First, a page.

BEMUS POINT - Those who cannot remember the past are condemned to repeat it.
Although current residents of Chautauqua Lake are not solely responsible for the lake's ecological health, if they continue to perpetuate the actions of past generations or become apathetic, the biological health of the lake will continue to deteriorate.
Those were the thoughts of Jane Conroe, conservationist from the Chautauqua Watershed Conservancy, who took a "then-and-now" look at Chautauqua Lake on Thursday night at the Bemus Point Library.
In her discussion, data compiled from past surveys of the lake was compared and contrasted with current data.
Conroe began by discussing how James Prendergast established the Prendergast Mill on the outlet of Chautauqua Lake and how the lake area was virtually deforested by 1840. Conroe continued by showing people sitting on breakwalls on the shore and recognizable buildings such as The Athenaeum Hotel and The Lenhart Hotel near the turn of the 20th century.
Conroe then moved into past surveys of the lake's health, describing the lake as "the patient."
A statistic from a 1938 study explored the effect of copper sulfate as a herbicide. While the study indicated that, after two treatments, the amount of green algae decreased by 75 percent, it indicated that the herbicide actually increased by amount of blue-green by 336 percent.
A 1975 study showed "man's 20th century culture ... appears to favor the development of pest weeds and algae at the expense of a more balanced, diverse, stable and desirable lake biology."
"It became apparent at the time of that study that something we were doing was causing the pests to grow better than the good (plants)," said Conroe.
Conroe next visited a state of the lake survey completed in 2000, which stated that solutions for improving the ecological health of the lake were:
Establish watershed-wide best management practices;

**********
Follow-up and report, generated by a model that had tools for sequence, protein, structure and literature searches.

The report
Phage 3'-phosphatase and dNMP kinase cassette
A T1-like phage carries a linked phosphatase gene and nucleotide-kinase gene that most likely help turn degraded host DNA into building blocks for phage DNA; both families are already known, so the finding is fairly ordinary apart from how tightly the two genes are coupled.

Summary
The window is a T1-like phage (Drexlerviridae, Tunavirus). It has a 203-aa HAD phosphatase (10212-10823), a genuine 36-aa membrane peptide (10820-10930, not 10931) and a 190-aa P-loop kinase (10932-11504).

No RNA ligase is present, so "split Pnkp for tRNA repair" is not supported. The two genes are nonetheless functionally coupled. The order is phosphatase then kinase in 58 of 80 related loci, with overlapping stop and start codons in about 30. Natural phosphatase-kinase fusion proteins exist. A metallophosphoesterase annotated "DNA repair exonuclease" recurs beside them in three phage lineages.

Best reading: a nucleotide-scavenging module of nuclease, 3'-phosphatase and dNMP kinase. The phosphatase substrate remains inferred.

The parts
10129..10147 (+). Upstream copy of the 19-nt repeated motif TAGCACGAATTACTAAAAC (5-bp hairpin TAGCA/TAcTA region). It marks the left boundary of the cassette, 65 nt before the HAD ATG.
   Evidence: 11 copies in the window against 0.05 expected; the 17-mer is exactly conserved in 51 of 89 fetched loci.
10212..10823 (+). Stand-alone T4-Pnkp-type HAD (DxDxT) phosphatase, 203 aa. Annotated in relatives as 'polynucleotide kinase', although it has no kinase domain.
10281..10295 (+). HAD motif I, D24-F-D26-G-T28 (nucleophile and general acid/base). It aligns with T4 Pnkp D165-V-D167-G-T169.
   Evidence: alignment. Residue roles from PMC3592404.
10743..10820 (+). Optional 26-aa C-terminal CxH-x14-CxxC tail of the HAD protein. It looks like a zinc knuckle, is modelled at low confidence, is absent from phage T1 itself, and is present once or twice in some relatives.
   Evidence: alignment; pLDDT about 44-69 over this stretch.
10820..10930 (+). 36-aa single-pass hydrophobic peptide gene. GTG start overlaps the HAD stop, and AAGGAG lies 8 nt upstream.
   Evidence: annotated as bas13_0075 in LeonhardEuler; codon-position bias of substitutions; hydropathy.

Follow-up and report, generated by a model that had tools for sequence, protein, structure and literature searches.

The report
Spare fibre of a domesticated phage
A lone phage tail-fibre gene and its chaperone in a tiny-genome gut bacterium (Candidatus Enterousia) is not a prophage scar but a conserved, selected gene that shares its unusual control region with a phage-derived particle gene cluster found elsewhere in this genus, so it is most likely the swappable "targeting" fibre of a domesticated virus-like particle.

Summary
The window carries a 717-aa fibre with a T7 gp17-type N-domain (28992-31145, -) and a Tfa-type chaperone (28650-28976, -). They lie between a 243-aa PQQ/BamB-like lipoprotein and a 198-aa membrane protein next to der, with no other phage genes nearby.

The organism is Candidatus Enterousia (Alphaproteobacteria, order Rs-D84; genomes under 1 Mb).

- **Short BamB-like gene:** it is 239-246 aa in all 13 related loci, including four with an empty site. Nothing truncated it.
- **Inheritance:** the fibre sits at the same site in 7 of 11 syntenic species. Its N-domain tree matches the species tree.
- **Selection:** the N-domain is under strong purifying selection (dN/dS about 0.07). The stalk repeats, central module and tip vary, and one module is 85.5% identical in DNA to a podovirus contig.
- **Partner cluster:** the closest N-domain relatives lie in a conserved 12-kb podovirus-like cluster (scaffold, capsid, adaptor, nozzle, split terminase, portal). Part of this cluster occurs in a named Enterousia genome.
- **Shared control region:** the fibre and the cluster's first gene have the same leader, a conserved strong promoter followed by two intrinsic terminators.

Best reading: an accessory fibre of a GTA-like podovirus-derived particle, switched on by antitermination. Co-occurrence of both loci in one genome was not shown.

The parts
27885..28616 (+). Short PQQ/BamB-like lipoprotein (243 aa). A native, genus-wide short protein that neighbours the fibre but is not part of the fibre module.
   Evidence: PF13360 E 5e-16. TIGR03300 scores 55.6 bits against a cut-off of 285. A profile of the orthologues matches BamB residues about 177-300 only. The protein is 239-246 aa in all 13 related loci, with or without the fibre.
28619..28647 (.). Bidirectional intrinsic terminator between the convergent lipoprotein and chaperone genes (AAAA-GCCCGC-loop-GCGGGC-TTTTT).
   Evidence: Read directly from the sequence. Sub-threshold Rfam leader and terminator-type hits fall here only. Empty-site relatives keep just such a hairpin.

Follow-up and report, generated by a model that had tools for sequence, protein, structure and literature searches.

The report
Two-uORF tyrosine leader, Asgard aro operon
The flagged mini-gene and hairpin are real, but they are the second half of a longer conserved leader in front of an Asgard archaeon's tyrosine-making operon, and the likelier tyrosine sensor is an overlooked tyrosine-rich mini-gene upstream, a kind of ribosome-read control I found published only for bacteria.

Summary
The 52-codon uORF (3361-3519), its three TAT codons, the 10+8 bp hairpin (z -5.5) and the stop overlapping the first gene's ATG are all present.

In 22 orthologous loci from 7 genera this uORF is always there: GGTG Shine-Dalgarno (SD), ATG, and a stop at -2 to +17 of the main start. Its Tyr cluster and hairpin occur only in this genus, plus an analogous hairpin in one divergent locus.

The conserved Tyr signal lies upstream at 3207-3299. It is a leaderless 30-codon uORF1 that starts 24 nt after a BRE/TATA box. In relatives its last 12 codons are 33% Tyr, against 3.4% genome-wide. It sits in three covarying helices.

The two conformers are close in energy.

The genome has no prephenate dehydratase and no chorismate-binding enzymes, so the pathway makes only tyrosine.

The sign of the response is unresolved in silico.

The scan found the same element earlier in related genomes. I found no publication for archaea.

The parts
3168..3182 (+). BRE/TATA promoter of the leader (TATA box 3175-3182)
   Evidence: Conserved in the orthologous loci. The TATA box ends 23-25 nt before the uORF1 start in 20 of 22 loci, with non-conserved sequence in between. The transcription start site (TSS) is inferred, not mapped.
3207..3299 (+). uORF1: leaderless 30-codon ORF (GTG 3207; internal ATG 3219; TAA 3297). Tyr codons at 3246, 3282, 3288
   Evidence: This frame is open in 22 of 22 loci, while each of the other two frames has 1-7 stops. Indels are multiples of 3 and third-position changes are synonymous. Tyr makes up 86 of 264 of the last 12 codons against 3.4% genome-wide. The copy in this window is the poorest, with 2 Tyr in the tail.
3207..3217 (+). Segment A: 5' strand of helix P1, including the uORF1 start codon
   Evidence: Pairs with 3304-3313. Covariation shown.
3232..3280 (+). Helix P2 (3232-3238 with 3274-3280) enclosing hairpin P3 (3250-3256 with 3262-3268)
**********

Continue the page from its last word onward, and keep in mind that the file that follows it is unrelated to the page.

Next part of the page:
Establish whole farm management with care for higher costs;
Encourage educational programs;
Continue routine monitoring;
Reduce nutrients to lake from sewer plants;
Create agency to enforce regulation of stormwater retention and erosion control.
The 2010 Chautauqua Lake Watershed Management Plan included the incorporation of stormwater, erosion and sediment control practices.
Additionally, an EPA national lake assessment of 1,000 American lakes in 2010 showed that many other American lakes have similar problems. The study determined that 56 percent of the lakes studied were in good condition, 22 percent were in fair condition and 22 percent were in poor condition.
Conroe said that if Chautauqua Lake was part of the study, it would have been rated between fair and poor.
The top three stressors listed to lakes on a national scale, including Chautauqua Lake, were: lack of natural lakeshore habitat, physical complexity of shoreline (Conroe said this generally meant too many breakwalls, artificial beaches and a lack of trees) and nutrient loading.
Conroe also explained that the south basin of the lake has become eutrophic and the clarity of the water in the north basin is considered mesotrophic, but the phosphorus levels in the north basin suggests it is also eutrophic.
What this means is that the amount of nutrients in the lake excessively promotes the growth of organisms that, once dead and decaying, depletes the amount of oxygen in the water.
According to Conroe, some ways to help reverse the eutrophication of the lake are: conserve and restore natural shorelines, plant buffer strips to absorb nutrients and control erosion, maximize shoreline and riparian vegetation buffers, reduce impermeable surfaces and plant more trees. Unfortunately, all were suggestions that were alluded to in the 1975 study.
Conroe said to try to make Chautauqua Lake property owners more aware of the current plight of the lake, they will soon be receiving a letter in the mail detailing the current problems and solutions associated with the lake.
"The letter is being sent to let the property owners know that they are the front line," said Conroe. "The message is: (watershed organizations) cannot change the lake if the property owners won't help change the lake. If they own the property, they directly impact the lake for better or worse. (The Chautauqua Watershed Conservancy) is here to talk to the owners, give them suggestions and offer them help, but in the end, the owners hold control. Many of the owners don't realize the control they have, so hopefully (the letter) will help them to realize."